General Motors says it is adding a second shift and more than 400 hourly jobs at its Bowling Green Kentucky Assembly plant to support production of the Next Generation Corvette, which will be revealed on July 18, 2019.
The addition of the second shift will increase the plant’s workforce to more than 1,300.
“The Corvette’s iconic status owes so much to the men and women of Bowling Green, where it has been built exclusively for almost 40 years,” said GM Chairman and CEO Mary Barra. “This is the workforce that can deliver a next generation Corvette worthy of both its historic past and an equally exciting future, and today’s announcement gets us one step closer to its reveal on July 18.”
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Since 2011, GM has invested more than $900 million into Bowling Green. This includes investments towards a new body shop, increased engine capacity, new paint shop, a new Performance Build Center, and additional plant upgrades.
Bowling Green Assembly has produced more than one million Corvettes since it opened in 1981. The plant has the largest solar array of any automaker in Kentucky, and its annual economic impact includes more than $76 million in state wages and $15 million in income tax.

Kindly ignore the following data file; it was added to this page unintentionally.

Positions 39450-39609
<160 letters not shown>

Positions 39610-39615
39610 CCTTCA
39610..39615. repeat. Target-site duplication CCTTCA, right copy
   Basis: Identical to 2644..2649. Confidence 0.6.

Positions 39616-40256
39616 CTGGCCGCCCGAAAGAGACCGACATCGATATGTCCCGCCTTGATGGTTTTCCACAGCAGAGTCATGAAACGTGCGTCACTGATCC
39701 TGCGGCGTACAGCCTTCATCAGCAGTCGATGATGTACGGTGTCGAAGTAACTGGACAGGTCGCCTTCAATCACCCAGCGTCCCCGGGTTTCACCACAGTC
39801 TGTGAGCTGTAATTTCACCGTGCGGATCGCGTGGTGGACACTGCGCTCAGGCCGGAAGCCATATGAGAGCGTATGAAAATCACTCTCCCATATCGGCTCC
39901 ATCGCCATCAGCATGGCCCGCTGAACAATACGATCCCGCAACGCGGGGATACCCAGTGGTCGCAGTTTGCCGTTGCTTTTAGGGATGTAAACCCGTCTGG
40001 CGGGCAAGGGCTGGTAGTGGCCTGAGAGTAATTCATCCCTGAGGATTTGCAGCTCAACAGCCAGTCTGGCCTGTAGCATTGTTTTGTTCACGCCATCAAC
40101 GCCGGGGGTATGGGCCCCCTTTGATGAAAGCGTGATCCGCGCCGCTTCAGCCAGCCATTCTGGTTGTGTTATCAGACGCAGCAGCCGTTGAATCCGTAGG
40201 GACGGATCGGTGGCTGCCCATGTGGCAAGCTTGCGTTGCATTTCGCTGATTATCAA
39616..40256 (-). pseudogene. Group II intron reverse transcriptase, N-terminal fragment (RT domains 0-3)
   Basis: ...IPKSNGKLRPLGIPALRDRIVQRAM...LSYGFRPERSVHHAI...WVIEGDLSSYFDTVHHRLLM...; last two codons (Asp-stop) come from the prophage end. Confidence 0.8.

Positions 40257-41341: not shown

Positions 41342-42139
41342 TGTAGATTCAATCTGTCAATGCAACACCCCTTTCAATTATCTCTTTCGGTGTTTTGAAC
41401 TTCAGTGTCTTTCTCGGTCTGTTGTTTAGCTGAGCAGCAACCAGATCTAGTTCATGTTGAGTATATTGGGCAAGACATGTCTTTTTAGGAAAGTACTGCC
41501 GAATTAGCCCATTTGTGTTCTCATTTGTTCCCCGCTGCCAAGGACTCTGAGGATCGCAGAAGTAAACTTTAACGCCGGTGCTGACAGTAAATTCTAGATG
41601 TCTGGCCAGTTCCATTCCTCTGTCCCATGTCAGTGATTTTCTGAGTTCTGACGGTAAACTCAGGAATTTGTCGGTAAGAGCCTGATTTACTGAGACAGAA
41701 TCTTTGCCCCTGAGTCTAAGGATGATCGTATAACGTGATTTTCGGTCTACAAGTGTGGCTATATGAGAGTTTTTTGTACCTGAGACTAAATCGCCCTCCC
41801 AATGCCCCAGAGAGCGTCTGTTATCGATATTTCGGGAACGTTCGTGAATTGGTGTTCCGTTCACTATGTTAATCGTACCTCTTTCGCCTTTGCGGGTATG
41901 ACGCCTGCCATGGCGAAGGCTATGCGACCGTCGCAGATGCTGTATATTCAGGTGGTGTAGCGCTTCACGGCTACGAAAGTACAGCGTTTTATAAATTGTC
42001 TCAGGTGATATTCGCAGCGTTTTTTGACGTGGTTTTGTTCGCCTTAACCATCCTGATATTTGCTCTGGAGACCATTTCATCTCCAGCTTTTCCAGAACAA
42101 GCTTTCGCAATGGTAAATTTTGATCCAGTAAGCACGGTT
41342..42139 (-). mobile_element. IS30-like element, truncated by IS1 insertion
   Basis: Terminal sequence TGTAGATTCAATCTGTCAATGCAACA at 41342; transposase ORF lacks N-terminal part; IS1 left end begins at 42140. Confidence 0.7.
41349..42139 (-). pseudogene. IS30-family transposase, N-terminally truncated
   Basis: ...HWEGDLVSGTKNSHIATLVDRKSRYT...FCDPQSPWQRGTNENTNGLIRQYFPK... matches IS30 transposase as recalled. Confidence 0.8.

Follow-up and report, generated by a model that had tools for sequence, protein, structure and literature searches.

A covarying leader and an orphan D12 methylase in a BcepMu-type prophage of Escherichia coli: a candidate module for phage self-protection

Known around the world as America’s sports car, the first-generation Corvette was introduced as a 1953 model year. Originally designed as a show car for the 1953 Motorama display at the New York Auto Show, it generated enough interest to go into production.
The seventh and most current generation Corvette was revealed in January 2013 at the North American International Auto Show in Detroit and was the first to bring back the Stingray nameplate since 1976. The final production seventh generation Corvette will be auctioned off this summer with proceeds benefiting the Stephen Siller Tunnel to Towers Foundation.